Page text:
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Senate Dems Pass Budget Package        08/08 06:06

   Democrats pushed their election-year economic package to Senate passage 
Sunday, a hard-fought compromise less ambitious than President Joe Biden's 
original domestic vision but one that still meets deep-rooted party goals of 
slowing global warming, moderating pharmaceutical costs and taxing immense 
corporations.

   WASHINGTON (AP) -- Democrats pushed their election-year economic package to 
Senate passage Sunday, a hard-fought compromise less ambitious than President 
Joe Biden's original domestic vision but one that still meets deep-rooted party 
goals of slowing global warming, moderating pharmaceutical costs and taxing 
immense corporations.

   The estimated $740 billion package heads next to the House, where lawmakers 
are poised to deliver on Biden's priorities, a stunning turnaround of what had 
seemed a lost and doomed effort that suddenly roared back to political life. 
Cheers broke out as Senate Democrats held united, 51-50, with Vice President 
Kamala Harris casting the tie-breaking vote after an all-night session.

   "Today, Senate Democrats sided with American families over special 
interests," President Joe Biden said in a statement from Rehoboth Beach, 
Delaware. "I ran for President promising to make government work for working 
families again, and that is what this bill does -- period."

   Biden, who had his share of long nights during his three decades as a 
senator, called into the Senate cloakroom during the vote on speakerphone to 
personally thank the staff for their hard work.

   The president urged the House to pass the bill as soon as possible. Speaker 
Nancy Pelosi said her chamber would "move swiftly to send this bill to the 
president's desk." House votes are expected Friday.

   "It's been a long, tough and winding road, but at last, at last we have 
arrived," said Senate Majority Leader Chuck Schumer, D-N.Y., ahead of final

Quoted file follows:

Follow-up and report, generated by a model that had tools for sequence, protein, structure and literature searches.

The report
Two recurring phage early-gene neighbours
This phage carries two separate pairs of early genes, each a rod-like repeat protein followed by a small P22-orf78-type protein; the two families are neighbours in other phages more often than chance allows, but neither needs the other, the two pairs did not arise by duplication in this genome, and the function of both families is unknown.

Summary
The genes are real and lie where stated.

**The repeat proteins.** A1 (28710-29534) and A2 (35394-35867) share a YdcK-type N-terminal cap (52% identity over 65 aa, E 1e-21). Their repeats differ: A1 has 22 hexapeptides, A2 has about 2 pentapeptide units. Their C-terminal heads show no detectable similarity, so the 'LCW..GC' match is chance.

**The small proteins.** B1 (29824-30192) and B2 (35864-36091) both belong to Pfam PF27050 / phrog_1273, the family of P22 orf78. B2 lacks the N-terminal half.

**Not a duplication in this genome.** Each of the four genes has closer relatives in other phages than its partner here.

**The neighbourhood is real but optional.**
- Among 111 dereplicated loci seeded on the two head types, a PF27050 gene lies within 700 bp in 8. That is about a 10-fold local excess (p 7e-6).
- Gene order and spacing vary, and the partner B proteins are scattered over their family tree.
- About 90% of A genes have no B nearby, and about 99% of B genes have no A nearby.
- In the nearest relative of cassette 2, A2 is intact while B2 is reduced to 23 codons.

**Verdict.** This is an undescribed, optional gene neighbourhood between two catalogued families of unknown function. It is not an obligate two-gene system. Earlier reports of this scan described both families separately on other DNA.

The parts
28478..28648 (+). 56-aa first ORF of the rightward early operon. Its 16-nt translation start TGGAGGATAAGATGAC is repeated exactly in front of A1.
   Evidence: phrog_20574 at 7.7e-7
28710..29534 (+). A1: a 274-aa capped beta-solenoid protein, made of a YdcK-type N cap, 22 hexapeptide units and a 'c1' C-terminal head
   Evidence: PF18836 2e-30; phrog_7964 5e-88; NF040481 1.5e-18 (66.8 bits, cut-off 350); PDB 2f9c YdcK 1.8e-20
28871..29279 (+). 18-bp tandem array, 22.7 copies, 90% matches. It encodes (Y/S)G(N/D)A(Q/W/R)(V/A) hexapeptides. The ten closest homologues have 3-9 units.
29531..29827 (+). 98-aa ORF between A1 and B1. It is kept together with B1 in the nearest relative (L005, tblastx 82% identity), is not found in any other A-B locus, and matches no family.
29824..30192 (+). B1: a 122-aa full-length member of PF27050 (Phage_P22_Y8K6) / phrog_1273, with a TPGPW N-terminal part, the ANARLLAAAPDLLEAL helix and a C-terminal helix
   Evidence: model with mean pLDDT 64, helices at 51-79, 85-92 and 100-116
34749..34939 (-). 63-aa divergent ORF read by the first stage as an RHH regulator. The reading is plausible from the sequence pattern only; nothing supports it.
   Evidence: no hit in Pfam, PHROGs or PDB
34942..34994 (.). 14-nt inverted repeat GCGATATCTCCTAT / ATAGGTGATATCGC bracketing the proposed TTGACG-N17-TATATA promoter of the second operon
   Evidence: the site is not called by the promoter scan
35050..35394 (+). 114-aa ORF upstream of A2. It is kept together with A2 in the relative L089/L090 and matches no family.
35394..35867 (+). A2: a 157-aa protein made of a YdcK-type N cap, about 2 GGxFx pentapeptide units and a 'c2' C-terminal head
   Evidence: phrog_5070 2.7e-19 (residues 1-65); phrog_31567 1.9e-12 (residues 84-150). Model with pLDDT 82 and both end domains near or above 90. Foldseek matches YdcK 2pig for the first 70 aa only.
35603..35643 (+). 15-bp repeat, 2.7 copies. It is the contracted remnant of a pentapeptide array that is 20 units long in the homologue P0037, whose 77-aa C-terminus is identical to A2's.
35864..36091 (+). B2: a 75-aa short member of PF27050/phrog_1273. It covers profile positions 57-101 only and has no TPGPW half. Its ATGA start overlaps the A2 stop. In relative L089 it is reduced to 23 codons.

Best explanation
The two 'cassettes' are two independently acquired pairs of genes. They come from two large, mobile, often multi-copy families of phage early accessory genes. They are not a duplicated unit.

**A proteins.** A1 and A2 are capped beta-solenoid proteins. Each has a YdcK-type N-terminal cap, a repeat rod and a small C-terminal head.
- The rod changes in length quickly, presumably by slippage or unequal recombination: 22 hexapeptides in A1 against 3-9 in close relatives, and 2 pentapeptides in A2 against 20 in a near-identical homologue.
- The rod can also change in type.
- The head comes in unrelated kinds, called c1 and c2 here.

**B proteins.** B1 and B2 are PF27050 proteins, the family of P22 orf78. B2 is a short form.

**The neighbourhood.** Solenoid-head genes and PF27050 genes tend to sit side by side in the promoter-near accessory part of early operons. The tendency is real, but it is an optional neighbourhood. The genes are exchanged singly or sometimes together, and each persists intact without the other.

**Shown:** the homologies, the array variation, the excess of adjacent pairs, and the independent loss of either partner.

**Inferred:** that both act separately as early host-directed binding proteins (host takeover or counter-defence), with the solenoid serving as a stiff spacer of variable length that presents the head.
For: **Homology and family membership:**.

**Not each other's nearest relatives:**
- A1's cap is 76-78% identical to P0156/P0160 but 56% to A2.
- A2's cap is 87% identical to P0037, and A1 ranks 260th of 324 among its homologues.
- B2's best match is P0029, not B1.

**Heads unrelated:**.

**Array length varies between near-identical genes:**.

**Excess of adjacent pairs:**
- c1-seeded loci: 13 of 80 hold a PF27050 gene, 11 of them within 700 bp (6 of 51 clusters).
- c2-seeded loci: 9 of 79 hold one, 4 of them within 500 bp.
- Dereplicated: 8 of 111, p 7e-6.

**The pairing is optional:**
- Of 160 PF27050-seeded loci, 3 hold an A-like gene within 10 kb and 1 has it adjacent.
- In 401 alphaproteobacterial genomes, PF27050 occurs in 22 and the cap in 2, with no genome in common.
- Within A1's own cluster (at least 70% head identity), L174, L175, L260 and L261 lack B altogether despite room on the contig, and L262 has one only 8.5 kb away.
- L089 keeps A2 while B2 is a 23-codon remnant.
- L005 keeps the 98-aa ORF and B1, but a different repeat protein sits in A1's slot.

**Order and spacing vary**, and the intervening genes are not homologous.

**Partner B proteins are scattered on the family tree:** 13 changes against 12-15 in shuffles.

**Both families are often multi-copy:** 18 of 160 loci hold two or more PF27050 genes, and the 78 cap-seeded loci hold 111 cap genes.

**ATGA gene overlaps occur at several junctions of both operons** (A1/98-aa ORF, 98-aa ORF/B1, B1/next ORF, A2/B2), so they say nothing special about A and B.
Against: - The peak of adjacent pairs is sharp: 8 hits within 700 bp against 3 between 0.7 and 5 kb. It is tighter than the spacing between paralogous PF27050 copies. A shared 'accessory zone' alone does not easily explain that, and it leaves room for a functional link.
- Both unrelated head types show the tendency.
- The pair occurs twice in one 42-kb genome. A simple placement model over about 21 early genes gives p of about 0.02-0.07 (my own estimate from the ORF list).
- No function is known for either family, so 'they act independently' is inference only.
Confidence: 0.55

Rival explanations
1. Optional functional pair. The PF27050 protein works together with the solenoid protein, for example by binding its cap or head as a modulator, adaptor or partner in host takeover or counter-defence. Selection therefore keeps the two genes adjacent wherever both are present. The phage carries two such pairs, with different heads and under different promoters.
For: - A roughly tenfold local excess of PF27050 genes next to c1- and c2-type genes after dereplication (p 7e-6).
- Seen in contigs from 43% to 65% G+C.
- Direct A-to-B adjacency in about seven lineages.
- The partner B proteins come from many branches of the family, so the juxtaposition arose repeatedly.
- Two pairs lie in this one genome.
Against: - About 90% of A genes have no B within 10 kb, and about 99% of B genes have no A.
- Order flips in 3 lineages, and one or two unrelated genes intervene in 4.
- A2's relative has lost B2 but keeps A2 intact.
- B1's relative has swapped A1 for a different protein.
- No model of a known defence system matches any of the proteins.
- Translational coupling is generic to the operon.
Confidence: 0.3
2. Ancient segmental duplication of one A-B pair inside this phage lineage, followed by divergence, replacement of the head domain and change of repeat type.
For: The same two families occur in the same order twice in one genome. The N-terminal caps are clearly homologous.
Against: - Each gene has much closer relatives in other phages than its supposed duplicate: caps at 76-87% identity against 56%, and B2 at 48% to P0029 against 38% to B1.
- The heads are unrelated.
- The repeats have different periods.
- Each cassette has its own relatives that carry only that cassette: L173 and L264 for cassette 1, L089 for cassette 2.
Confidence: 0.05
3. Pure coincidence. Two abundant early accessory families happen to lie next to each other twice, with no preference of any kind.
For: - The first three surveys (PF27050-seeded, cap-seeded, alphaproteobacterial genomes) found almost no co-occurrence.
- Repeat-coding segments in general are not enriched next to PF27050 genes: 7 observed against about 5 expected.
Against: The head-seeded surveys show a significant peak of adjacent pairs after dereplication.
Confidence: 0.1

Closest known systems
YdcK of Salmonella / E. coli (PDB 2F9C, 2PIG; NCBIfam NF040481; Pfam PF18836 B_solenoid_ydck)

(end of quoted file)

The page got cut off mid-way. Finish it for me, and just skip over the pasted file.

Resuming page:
votes.

   "The Senate is making history. I am confident the Inflation Reduction Act 
will endure as one of the defining legislative feats of the 21st century," he 
said.

   Senators engaged in a round-the-clock marathon of voting that began Saturday 
and stretched late into Sunday afternoon. Democrats swatted down some three 
dozen Republican amendments designed to torpedo the legislation. Confronting 
unanimous GOP opposition, Democratic unity in the 50-50 chamber held, keeping 
the party on track for a morale-boosting victory three months from elections 
when congressional control is at stake.

   The bill ran into trouble midday over objections to the new 15% corporate 
minimum tax that private equity firms and other industries disliked, forcing 
last-minute changes.

   Despite the momentary setback, the "Inflation Reduction Act" gives Democrats 
a campaign-season showcase for action on coveted goals. It includes the 
largest-ever federal effort on climate change -- close to $400 billion -- caps 
out-of-pocket drug costs for seniors on Medicare to $2,000 a year and extends 
expiring subsidies that help 13 million people afford health insurance. By 
raising corporate taxes and reaping savings from the long-sought goal of 
allowing the government to negotiate drug prices for Medicare, the whole 
package is paid for, with some $300 billion extra revenue for deficit reduction.

   Barely more than one-tenth the size of Biden's initial 10-year, $3.5 
trillion Build Back Better initiative, the new package abandons earlier 
proposals for universal preschool, paid family leave and expanded child care 
aid. That plan collapsed after conservative Sen. Joe. Manchin, D-W.Va., opposed 
it, saying it was too costly and would fuel inflation.

   Nonpartisan analysts have said the 755-page "Inflation Reduction Act" would 
have a minor effect on surging consumer prices.

   Republicans said the new measure would undermine an economy that 
policymakers are struggling to keep from plummeting into recession. They said 
the bill's business taxes would hurt job creation and force prices skyward, 
making it harder for people to cope with the nation's worst inflation since the 
1980s.